The article is based on research conducted by Dr. Pamela Gaye Ambler towards her professional doctorate degree at the School of Psychology, University of Newcastle. Pamela is now in Private practice in Forster, working with children and adults. She is also undertaking a Master of Laws degree to better understand the experience of people with autism who have become involved with the criminal justice system.
This study was prompted by the observation that students with high-functioning autism were frequently reported to engage in apparently unprovoked aggression toward other students and sometimes teachers. These incidents would often result in suspension from school.
Student participants completed questionnaires measuring their anxiety and anger, and their teachers completed questionnaires reporting physically and verbally aggressive behaviour. Students with autism reported higher levels of anxiety and higher levels of reactive anger (immediate response to feelings of fear, frustration or threat) than their peers, while their teachers reported more incidents of aggression. The students with autism were also more often suspended. Importantly, students with better developed anger control strategies, regardless of their level of anxiety, were no more aggressive than their non-anxious peers.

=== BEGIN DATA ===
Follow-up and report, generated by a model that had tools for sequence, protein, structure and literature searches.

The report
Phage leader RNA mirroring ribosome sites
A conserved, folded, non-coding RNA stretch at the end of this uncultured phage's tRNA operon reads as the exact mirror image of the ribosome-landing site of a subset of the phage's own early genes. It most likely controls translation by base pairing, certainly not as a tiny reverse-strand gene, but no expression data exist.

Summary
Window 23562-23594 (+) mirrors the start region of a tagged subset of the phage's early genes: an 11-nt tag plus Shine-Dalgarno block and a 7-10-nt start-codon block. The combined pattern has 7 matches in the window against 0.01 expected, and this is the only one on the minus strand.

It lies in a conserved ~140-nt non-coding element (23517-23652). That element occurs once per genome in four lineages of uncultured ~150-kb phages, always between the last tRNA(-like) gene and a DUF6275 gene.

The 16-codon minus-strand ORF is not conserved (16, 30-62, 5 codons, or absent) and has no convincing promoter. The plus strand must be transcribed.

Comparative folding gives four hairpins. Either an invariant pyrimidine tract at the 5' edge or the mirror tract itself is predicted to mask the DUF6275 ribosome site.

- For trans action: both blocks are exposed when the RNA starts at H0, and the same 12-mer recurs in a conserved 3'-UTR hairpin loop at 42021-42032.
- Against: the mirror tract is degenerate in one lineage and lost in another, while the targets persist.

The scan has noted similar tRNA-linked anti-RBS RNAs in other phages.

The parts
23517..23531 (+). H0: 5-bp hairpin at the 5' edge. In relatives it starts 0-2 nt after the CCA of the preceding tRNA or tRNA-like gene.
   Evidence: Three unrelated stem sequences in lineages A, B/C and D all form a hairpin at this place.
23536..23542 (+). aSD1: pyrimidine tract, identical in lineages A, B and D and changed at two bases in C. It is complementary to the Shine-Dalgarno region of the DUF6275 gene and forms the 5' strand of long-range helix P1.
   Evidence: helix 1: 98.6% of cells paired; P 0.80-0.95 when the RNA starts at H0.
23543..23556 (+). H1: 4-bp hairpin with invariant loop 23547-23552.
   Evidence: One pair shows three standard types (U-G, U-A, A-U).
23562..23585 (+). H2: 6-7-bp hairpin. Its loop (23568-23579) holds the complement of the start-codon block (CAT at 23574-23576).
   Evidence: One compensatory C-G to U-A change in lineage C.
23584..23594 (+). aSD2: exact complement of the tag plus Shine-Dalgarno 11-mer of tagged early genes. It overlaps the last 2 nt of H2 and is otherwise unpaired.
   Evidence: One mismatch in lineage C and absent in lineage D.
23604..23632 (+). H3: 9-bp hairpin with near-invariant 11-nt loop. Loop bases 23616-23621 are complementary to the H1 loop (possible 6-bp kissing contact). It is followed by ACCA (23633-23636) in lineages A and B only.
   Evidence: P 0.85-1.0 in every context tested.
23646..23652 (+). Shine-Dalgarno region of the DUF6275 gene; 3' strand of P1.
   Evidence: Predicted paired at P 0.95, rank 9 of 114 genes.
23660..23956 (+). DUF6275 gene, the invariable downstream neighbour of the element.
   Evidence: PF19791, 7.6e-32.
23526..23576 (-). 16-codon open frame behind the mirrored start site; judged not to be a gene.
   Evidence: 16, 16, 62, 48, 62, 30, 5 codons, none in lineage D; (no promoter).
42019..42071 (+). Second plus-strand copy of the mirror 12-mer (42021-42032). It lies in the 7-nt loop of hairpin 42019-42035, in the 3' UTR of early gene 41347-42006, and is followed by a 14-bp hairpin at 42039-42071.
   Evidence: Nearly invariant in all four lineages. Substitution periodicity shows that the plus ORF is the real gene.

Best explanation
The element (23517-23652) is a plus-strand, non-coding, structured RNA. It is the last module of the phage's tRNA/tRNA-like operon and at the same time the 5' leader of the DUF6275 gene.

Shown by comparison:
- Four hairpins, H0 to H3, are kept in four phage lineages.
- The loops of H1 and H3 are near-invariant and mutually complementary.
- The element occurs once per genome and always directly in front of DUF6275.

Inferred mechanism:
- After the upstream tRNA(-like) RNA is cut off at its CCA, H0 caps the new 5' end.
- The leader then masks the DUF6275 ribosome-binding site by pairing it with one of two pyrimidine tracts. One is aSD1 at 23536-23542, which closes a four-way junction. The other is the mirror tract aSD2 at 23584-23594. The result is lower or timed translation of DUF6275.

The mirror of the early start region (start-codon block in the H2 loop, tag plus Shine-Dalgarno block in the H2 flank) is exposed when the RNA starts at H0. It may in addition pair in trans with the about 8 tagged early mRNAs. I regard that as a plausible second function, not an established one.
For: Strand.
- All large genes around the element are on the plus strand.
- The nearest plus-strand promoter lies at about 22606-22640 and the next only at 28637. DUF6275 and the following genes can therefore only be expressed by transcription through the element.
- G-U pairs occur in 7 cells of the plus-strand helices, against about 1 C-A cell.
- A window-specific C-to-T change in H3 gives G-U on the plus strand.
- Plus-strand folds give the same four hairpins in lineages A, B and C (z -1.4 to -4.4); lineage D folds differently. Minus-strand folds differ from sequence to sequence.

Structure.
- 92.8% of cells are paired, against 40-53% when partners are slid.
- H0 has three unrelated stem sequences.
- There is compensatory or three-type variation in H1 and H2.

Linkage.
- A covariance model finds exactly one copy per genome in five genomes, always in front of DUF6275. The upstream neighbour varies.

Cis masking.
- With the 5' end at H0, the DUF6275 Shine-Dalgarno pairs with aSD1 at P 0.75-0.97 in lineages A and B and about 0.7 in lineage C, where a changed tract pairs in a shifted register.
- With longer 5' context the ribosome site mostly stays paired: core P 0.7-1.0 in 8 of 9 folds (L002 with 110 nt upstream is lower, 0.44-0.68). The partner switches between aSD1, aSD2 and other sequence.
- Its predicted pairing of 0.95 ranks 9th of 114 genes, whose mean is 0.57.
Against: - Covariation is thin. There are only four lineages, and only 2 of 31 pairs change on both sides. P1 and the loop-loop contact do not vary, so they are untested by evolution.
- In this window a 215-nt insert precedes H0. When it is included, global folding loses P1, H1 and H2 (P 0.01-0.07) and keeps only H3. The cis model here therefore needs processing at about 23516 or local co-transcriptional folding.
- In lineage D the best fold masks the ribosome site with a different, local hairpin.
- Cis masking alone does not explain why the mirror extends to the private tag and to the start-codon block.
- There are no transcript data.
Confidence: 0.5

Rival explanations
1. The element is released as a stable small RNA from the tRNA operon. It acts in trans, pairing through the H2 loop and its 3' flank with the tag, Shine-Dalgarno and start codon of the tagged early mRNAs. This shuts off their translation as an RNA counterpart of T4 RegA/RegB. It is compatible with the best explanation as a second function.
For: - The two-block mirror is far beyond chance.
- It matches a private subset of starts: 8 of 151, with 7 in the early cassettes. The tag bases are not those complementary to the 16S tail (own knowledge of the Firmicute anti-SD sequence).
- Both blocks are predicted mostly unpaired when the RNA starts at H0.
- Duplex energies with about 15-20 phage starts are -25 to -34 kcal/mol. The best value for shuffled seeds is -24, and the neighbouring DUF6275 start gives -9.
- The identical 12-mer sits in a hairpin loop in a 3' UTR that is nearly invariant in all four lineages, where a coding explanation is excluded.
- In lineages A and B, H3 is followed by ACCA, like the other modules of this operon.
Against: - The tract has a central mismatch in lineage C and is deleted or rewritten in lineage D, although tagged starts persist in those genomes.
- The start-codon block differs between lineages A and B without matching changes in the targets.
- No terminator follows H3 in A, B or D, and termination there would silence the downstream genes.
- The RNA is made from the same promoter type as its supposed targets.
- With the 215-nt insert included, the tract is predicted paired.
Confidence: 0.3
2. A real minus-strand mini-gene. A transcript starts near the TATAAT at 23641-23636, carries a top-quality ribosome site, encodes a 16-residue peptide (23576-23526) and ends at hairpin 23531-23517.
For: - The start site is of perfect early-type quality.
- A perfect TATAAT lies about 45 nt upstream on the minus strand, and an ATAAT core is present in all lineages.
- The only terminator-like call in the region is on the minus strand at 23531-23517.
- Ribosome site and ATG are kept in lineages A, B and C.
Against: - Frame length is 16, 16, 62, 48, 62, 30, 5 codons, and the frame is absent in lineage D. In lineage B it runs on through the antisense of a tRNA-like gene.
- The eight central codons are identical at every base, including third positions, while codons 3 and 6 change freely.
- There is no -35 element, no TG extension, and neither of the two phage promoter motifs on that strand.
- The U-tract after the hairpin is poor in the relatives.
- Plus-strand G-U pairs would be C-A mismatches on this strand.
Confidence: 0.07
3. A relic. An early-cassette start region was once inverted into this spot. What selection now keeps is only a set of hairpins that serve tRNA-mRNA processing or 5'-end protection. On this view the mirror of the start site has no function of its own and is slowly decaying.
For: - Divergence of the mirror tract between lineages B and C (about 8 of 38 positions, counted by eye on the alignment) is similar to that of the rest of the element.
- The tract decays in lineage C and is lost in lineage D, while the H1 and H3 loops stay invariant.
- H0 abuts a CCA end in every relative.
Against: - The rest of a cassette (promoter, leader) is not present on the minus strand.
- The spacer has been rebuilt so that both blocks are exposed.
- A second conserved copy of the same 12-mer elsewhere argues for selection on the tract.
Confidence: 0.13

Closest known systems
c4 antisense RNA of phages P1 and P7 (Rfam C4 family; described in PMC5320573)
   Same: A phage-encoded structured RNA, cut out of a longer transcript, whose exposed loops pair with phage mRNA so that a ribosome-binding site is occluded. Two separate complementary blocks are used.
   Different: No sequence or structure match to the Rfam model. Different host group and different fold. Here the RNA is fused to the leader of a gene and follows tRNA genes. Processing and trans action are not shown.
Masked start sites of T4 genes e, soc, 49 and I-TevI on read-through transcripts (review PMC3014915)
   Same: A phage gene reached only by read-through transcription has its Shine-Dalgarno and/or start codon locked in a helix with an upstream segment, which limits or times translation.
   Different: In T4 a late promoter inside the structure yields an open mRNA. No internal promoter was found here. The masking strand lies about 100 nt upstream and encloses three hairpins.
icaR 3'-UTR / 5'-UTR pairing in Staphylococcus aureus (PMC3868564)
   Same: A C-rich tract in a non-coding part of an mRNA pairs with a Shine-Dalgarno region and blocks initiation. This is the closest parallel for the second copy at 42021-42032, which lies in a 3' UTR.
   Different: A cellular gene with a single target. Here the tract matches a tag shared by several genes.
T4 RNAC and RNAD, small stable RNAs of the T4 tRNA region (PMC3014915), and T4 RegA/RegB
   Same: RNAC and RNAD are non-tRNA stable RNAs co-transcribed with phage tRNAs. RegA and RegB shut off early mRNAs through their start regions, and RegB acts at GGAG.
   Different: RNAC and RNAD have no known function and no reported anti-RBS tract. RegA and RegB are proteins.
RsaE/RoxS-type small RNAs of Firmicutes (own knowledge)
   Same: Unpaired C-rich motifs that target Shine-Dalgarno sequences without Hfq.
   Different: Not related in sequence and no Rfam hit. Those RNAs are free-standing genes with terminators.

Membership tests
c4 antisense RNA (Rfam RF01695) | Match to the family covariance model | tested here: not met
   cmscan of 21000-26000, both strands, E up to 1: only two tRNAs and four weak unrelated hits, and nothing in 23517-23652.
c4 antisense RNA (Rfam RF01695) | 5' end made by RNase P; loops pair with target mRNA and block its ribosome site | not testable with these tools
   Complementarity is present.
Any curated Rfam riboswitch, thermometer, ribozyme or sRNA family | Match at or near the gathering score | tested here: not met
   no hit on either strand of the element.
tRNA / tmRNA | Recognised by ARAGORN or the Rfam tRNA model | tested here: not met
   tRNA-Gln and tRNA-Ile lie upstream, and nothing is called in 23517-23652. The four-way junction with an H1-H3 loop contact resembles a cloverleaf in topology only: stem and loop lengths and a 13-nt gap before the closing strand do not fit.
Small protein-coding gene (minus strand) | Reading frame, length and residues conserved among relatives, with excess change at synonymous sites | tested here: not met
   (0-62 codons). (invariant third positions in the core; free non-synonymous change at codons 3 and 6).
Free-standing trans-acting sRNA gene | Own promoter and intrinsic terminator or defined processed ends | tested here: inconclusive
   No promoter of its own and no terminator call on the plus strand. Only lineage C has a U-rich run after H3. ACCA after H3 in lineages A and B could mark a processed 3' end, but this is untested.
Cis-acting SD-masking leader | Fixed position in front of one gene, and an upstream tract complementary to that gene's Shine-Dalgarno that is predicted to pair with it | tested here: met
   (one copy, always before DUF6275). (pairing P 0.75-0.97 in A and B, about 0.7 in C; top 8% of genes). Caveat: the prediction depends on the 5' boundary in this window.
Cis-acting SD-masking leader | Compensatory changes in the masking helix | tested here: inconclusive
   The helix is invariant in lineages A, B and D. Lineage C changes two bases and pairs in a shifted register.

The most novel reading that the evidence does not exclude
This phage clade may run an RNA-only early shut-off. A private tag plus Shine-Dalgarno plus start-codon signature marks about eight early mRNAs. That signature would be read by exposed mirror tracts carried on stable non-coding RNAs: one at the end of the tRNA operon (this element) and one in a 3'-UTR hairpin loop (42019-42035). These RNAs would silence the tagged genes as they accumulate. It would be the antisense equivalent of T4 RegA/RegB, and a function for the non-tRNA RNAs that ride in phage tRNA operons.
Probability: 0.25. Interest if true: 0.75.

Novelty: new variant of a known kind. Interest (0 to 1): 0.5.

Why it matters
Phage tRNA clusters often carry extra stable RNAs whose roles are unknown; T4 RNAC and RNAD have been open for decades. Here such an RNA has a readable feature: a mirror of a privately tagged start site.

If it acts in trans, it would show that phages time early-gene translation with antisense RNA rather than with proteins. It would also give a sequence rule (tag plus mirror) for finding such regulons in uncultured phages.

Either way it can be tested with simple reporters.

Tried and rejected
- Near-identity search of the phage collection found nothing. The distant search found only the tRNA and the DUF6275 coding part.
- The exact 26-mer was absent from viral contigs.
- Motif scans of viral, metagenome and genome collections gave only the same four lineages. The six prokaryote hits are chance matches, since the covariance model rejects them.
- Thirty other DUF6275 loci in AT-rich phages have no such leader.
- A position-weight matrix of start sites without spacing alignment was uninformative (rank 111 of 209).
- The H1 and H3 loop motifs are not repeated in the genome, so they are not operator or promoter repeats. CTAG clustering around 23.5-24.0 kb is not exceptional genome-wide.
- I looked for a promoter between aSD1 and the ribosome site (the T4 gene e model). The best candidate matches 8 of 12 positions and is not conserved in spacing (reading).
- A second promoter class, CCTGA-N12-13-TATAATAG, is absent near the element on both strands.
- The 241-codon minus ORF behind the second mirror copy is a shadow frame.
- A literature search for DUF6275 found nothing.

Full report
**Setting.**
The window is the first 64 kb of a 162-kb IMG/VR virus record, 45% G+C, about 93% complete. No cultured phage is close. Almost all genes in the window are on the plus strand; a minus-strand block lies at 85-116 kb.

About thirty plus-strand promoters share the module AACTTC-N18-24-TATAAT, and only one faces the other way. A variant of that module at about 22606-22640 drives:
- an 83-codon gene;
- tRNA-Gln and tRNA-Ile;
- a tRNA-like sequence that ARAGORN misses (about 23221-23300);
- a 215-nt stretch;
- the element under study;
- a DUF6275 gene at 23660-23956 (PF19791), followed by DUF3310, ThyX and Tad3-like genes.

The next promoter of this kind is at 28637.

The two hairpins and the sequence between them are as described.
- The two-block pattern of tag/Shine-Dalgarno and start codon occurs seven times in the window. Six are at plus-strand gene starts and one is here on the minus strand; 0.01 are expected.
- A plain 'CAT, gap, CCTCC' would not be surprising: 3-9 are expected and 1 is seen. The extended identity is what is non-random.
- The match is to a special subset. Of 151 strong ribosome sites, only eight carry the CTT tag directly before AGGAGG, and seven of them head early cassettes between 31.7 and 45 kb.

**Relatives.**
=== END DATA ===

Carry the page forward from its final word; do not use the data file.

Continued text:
These results suggest that providing students with autism with appropriate treatment for anxiety and helping them to develop effective anger control skills may help prevent incidents of physical aggression and improve the educational outcomes and quality of life for these students.
Ambler, P., Eidels, A., & Gregory, C. (2015). Anxiety and Aggression in Adolescents with Autism Spectrum Disorders Attending Mainstream Schools. Research in Autism Spectrum Disorders, 18, 97-109. [link to paper]